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Canada's Ontario adopts motion designating Nanjing Massacre Commemorative Day

Xinhua | Updated: 2017-10-27 09:13

Canada's Ontario adopts motion designating Nanjing Massacre Commemorative Day

Soo Wong (C), a member of Provincial Parliament of Canada's Ontario, celebrates her motion approved with colleagues at the provincial parliament in Toronto, Canada, on Oct 26, 2017. Canada's Ontario provincial parliament Thursday passed a motion designating Nanjing Massacre Commemorative Day to commemorate the mass killing of 300,000 Chinese by Japanese troops in Nanjing during World War II. [Photo/Xinhua]

TORONTO - The legislature of Canada's east-central province of Ontario Thursday passed a motion recognizing Dec 13th in each year as "Nanjing Massacre Commemorative Day."

The No 66 motion, adopted by the Legislative Assembly of Ontario, was the first of its kind in a western country.

It was introduced by Chinese-Canadian lawmaker Soo Wong in a bid to acknowledge and honor the over 300,000 victims of the Nanjing Massacre, a heinous crime committed by the Japanese militarists during the World War II.

"The passing of this Motion is an important step in affirming Ontario's inclusive values. It recognizes the horrors of World War II in Asia, and shows humanity for victims, survivors, and families affected by the Nanjing Massacre, many of whom live in Ontario," said Wong in a press release Thursday afternoon.

"My motion is very similar to what I introduced last year Bill 79. It's no difference. If passed, the motion will recognize every Dec 13 Nanjing Massacre Commemorative Day in Ontario," Wong said in an earlier interview with Xinhua.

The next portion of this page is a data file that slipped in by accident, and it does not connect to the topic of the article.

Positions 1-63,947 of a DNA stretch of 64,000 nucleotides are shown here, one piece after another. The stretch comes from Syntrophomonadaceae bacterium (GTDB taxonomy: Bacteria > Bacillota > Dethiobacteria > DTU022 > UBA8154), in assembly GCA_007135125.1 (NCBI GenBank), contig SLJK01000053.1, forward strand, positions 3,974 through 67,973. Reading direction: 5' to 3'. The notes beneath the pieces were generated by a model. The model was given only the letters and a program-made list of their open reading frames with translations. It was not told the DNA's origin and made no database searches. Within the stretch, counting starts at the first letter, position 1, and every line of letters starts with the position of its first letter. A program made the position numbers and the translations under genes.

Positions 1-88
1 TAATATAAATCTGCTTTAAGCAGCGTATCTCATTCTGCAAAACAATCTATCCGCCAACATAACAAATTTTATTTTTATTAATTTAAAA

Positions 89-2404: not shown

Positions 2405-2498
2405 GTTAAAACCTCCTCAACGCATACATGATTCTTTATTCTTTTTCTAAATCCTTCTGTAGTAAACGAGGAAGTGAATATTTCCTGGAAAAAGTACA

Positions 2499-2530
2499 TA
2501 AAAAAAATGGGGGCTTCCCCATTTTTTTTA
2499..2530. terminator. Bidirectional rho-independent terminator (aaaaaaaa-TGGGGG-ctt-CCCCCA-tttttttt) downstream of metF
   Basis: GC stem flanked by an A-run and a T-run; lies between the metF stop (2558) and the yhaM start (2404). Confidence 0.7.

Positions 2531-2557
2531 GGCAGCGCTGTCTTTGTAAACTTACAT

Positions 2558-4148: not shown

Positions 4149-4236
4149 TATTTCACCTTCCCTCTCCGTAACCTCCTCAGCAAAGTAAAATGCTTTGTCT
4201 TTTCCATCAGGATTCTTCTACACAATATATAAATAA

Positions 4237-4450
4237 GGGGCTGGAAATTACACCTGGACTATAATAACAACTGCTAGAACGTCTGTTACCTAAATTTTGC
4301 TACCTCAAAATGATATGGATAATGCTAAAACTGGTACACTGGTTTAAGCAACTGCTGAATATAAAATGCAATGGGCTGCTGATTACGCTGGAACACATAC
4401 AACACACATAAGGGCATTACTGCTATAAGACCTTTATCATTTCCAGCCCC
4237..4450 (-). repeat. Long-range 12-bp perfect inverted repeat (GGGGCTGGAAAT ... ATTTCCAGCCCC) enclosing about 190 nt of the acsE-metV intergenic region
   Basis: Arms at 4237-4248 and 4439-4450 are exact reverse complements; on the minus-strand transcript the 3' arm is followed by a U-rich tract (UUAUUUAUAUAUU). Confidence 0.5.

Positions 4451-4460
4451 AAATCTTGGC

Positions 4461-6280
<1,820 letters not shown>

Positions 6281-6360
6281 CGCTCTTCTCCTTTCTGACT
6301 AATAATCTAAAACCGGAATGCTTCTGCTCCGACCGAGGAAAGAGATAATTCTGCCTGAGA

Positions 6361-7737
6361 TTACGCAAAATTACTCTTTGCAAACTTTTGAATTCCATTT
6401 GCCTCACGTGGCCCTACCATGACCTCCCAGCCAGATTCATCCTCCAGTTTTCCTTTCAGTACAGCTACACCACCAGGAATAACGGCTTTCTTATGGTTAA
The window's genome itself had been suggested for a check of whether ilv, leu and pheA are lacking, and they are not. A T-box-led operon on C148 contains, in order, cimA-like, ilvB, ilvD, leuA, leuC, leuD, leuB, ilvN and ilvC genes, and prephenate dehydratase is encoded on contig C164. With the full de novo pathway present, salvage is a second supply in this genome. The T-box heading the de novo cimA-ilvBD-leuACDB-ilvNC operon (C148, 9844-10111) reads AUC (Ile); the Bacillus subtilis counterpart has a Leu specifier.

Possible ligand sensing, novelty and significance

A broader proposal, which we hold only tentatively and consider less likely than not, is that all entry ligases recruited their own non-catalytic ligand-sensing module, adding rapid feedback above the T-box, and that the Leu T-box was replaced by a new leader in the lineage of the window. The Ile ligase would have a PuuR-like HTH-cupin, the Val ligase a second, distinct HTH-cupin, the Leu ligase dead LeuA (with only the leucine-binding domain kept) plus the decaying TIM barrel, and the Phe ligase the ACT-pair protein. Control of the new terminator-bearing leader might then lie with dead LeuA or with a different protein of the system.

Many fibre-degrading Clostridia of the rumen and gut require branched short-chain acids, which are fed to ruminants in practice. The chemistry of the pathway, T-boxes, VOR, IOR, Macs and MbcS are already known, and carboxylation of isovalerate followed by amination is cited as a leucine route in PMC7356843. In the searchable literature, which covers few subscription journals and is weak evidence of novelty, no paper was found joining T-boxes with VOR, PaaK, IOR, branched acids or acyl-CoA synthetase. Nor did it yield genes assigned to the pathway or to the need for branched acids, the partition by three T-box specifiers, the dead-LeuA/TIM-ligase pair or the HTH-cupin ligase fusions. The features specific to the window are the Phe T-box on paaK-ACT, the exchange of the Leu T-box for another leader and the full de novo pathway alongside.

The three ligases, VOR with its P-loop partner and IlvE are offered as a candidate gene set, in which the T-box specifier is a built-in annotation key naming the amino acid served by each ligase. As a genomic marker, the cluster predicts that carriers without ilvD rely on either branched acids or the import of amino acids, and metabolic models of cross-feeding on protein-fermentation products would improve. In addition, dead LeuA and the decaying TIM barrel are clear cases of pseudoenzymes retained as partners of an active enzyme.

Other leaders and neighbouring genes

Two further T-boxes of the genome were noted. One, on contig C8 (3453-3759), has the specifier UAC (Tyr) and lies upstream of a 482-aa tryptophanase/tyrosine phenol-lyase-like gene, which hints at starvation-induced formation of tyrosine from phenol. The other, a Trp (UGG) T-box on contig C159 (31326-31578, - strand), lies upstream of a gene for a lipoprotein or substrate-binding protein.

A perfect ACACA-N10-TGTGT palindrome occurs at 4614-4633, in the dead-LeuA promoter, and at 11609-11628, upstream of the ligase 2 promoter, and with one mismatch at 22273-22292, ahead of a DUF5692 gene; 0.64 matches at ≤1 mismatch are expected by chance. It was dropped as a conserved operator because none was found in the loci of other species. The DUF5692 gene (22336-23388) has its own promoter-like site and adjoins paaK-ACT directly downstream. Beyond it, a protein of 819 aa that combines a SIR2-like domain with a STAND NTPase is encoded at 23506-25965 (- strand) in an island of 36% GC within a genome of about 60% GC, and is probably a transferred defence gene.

It is important for the residents of Ontario, home to largest Asian community in Canada, to "reflect and educate" themselves about the enduring lessons of the Nanjing Massacre and other World War II atrocities in Asia as many are unfamiliar with this part of history, Wong said.

This year marks the 80th anniversary of the Nanjing Massacre, in which more than 300,000 Chinese lives were taken by Japanese invaders when they occupied Nanjing, then China's capital, from Dec 13, 1937.

The Bill 79 Wong introduced in 2016 also called for the designation of Dec 13 as Nanjing Massacre Commemorative Day in Ontario. The bill passed the second reading last Dec, and will go through a third reading in Dec this year. If passed, Dec 13 will become an official commemorative day in the province.

However, the bill has encountered strong opposition from Tokyo. Japanese lawmakers reportedly have sent a letter to the Ontario government against the bill and lobbied against its third reading. Almost 100,000 signatures have been collected in Ontario Asian communities in petition to pass Wong's bill so far.

Wong said she had received a postcard from Japan with no signature on it, which gives an alternative number of deaths killed in Nanjing during the World War II.

"We know the history, we also know the fact," Wong said.

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